The centuries of habitation in the North American Arctic are recorded in the bones and stones left scattered on its landscape. This was the last major region on earth to be occupied by humans when Paleo-Eskimo arrived from across the Bering Sea to Alaska and spread eastward. Archaeologists know very little about that culture but the succeeding Dorset culture that emerged 3,000-2,500 years ago left an extensive amount of art and artefacts. A second cultural wave, unrelated to the first, crossed into Alaska about 2,000 years ago and eventually displaced the Dorset in the high Arctic in the 13th century. It is this culture, Thule, from which today's Inuit are descended. From the shoreline to the saddlebacks we saw abundant evidence of the latter three cultures here on Bylot; digging a little deeper archaeologists have found the more subtle indications of Paleo-Eskimo habitation.
The whaling station near where we camped awhile back (ikaaqtalik 'where there is a meat rack) was a particularly favoured campsite. Walking along the beach one morning, Mike found an ancient lichen-covered stone kayak stand. It was set above the tide line and also out of the reach of the sled dogs that would gladly chew the skin of the kayak which are made from the stretched hides of ring seals. He also found numerous blinds in rock gullies from which they would hunt caribou. Close to the shore we found numerous whale meat caches and further up caribou meat caches. We camped inside or beside many tent rings, circles of stones that form the perimeter of the summer home, tupirq, a skin covered tent. We also found Thule dwellings recessed in the ground qamaminiq, their walls reinforced with rocks and massive bowhead whale vertebrae and skull plates. These qamaminiq are circular with a diameter of about 4-6 metres, a tunnel entrance and sleeping platform towards the back. Their imprint is similar in shape to an iglu, the traditional winter house built from blocks of snow.
The eroded banks at Bernier Creek revealed in its strata much evidence of habitation: walrus, seal and whale bones, chert blades and harpoons and a broken kuliq a flat soapstone dish to hold whale oil and a cottongrass/moss wick, keeping a continual flame by the hearth. As we saw much evidence of life so have we seen much evidence of death. Regularly as we walked on the tundra we found graves, simple rectangular beds of rock, once piled high over corpses now collapsed to reveal a femur, a vertebrae, sometimes a lichen-covered skull.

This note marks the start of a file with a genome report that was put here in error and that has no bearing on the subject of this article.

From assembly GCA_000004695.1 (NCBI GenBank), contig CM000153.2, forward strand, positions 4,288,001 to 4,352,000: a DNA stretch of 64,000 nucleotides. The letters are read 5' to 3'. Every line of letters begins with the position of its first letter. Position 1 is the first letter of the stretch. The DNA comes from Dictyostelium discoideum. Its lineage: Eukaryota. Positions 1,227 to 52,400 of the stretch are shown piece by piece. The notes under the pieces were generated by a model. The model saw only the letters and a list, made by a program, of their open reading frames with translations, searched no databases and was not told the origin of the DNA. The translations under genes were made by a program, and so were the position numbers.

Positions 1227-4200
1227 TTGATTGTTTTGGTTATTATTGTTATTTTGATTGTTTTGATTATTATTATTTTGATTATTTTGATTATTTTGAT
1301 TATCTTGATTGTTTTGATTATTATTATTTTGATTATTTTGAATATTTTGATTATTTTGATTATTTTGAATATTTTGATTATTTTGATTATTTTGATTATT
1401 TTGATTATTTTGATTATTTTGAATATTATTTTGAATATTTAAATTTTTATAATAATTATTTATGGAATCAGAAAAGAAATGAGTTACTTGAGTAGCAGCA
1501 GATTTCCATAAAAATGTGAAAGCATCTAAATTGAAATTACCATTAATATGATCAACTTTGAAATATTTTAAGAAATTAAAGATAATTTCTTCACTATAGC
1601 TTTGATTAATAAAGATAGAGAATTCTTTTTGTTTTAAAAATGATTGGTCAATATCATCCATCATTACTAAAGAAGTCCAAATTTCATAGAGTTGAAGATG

Now, as I write, it is early morning. We have had only a few hours of sleep. I was awaken by a throbbing in my hands and feet. They have swollen and blistered from exposure to the cold and salt water. The joints are stiff as if arthritic, the pads and toes are numb as though having fallen asleep and maliciously they begin to burn when I go to bed. They will remain this way until I return south. I know; it is an allergic reaction I have on every cold climate kayak trip. We are tired but we find a beautiful morning outside our tent not to be missed by a return to sleep. We have had so few. I take some arnica and rub some cream onto my hands and feet. Mike puts water on the stove for tea, adjusts the solar panels strapped to the roof of the tent and leaves with his photographic equipment.
I sit in the vestibule of the tent. The pain has subsided so I open my sketchbook to an incomplete drawing of a walrus skull. The skull itself is perched on one of the stones of our tent ring. Its uneven ivories - one broken perhaps in tuskered battle - are polished and reflect a slight pink in the morning light. Elsewhere the sun, emerging through a thin veil, casts pink, lavender and mauve on the soft underbelly of the clouds and slow-drifting pans of ice.